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Tony  Hoffman

Tony Hoffman

Former BMX Pro, U.S. Olympic Coach & Recovering Addict

Tony Hoffman

Former BMX Pro, U.S. Olympic Coach & Recovering Addict


On December 13th, 2008, Tony Hoffman was paroled by the California Department of Corrections after serving a two-year sentence for a drug-related robbery. While incarcerated, Tony set four goals: Race BMX professionally, go to the Olympics, start a non-profit called the Freewheel Project, and become a professional mental health and substance abuse speaker.

During his senior year at Clovis High School he was featured on the cover of BMXer Magazine, and was sponsored by Fox Racing, Spy Sunglasses and Airwalk Shoes. On the surface, Tony's path seemed destined for stardom. However, in reality, Tony experienced crippling anxiety, depression and suicidal ideations. Tony's substance use began during his senior year, leading to the deterioration of his mental health and opioid addiction soon followed. Due to his misuse of Oxycontin, & other drugs a life of addiction, crime, homelessness and incarceration became his reality.

Since parolling prison, Tony has tirelessly worked towards achieving his goals and the dreams he’d set out for while incarcerated. He raced BMX professionally for several years and continued on to coach Brooke Crain to a 4th place finish at the Rio Olympic Games, accomplishing his dream of going to the Olympics. The Freewheel Project was very successful for many years helping thousands of youth through action sports before moving on to pursuing a very demanding national speaking career. Today Tony is an author, an owner of pH Wellness drug and alcohol treatment facility, and one of the world's most requested mental health and substance use speakers.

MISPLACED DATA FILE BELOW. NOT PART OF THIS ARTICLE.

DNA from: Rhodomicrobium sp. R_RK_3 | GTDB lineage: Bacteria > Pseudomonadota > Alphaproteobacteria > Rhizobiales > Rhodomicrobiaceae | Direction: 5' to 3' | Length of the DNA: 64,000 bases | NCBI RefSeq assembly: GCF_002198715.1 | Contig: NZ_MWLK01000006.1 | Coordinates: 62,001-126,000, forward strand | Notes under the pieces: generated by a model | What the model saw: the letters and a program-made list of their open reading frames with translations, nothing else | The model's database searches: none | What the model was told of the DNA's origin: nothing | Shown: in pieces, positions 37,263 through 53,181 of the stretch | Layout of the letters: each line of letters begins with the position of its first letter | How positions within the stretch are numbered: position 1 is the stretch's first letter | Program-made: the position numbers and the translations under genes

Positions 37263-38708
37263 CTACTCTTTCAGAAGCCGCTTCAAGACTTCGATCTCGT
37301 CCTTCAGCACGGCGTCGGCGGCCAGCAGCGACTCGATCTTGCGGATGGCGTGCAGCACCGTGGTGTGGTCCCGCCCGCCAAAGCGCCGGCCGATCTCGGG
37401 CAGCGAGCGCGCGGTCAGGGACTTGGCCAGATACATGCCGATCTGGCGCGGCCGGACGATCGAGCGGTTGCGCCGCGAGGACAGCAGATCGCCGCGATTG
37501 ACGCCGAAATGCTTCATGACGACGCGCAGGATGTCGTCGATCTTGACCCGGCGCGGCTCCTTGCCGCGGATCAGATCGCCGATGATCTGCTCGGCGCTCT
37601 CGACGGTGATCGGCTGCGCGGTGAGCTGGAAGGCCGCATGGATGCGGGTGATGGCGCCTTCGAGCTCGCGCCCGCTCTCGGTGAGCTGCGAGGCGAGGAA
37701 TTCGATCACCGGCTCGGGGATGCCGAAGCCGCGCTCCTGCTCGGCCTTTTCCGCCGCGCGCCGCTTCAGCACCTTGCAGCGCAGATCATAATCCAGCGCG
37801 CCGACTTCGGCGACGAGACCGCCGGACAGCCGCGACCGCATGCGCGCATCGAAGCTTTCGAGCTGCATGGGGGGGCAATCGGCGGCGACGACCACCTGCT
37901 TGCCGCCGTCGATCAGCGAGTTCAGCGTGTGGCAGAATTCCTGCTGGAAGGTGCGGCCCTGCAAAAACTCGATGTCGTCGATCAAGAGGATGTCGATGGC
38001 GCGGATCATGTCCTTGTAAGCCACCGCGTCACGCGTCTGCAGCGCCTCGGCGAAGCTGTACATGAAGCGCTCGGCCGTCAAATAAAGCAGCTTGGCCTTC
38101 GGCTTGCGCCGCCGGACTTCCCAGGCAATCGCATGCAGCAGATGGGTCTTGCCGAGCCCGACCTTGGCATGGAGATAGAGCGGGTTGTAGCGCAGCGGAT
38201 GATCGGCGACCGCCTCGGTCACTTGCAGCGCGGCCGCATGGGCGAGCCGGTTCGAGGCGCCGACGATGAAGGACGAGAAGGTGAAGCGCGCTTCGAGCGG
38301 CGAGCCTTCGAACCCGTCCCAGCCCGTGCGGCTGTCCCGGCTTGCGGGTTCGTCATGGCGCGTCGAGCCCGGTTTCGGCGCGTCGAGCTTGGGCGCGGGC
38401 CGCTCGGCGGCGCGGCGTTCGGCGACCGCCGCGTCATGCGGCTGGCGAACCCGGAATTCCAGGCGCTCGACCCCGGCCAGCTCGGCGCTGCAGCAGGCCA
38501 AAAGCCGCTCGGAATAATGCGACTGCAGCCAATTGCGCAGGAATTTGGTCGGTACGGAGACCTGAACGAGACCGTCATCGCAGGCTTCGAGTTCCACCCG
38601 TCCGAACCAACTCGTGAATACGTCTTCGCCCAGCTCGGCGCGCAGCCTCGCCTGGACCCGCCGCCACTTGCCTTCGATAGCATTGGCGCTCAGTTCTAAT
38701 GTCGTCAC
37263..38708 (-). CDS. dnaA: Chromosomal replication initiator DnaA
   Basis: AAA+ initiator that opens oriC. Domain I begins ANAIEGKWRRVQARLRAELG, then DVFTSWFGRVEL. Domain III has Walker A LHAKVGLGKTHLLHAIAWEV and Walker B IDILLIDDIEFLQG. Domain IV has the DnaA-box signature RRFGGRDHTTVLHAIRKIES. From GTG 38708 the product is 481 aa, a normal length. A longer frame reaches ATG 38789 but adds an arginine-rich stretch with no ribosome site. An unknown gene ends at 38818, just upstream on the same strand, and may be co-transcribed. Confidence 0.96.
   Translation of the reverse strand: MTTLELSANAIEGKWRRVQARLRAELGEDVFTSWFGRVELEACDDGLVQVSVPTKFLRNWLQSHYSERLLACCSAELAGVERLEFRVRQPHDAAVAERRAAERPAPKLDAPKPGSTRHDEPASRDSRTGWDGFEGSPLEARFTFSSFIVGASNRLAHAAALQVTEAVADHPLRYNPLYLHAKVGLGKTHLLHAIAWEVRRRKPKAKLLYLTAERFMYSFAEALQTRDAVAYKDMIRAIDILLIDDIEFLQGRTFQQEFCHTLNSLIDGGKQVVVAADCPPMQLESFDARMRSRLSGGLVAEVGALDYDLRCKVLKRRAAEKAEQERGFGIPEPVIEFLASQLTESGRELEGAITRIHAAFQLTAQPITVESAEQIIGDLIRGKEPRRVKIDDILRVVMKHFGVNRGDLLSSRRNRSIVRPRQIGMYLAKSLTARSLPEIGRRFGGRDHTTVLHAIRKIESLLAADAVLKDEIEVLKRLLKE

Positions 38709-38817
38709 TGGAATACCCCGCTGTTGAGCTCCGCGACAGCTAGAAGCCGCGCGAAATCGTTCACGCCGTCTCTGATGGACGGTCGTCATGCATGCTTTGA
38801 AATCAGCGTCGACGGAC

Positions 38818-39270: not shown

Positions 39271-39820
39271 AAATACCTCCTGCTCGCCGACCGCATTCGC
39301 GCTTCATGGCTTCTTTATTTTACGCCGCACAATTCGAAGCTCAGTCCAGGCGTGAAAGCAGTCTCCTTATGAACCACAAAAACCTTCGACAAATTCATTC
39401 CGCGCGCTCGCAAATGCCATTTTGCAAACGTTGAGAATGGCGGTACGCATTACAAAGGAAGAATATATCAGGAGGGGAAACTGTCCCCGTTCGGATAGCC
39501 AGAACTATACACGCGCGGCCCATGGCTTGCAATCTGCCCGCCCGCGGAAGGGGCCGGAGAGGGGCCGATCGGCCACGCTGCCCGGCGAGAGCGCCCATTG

Speaker Videos

TEDx: The Stigma of Addiction

From Prison To The Olympics | Tony Hoffman Speech | Goalcast

Healthcare Promo

Student Testimony

Sports Teams

Corporate Promo

Speech Topics

The Choice (Tony Hoffman Story)

In this speech, Tony reflects strongly on a specific “choice” that changed his life forever. Often times, individuals may think that small, and insignificant choices have no impact on their lives. Tony walks audiences through a candid set of choices, attitudes, and thought processes that lead him to his first drug. He tells his audience about how dangerous the use of drugs really is. He recalls picking up marijuana for the first time, the small choice he made that opened up the door for prescription painkiller and heroin abuse. It was that choice, the small, and at that time insignificant decision that changed his life forever. As Tony reaches the climax of his life experiences, audiences learn how that choice ultimately left him hopeless, homeless, and in a state of despair, while he suffered with substance-abuse addiction. With all the twist and turns in Tony’s life, he is able to leave his audience with a new sense of hope and empowerment. Tony speaks of overcoming, and how his new way of thinking and choice-making allowed him to become a professional athlete, Olympic coach at the Rio Olympic Games, and a successful business owner who is dedicated to bettering his community. This speech is great for substance-abuse talks and can be tailored for many different discussions.

Breaking The Stigma (Recovery Advocacy & Addiction Awareness)

In this keynote, Tony advocates strongly that communities must shift their thinking on addiction. He focuses on how we can all work together to improve addiction rates across the country. From his own personal experience as a successful young athlete, to losing everything from substance abuse, Tony describes the darkest moments of his life that was lead by addiction, and how surviving the storms inspired him to take action through his recovery. Tony details his recovery process, and highlights where it all started - in a prison cell. He also shares how his non-profit organization, and organization that utilizes action sports, is a staple in his sobriety. Audiences are left inspired as Tony maps out his life experiences with substance abuse, and individuals of all ages can see how his recovery took him from homeless in 2006, to the 2016 Olympic games. This keynote is ideal for community organizations, governments, and treatment facilities.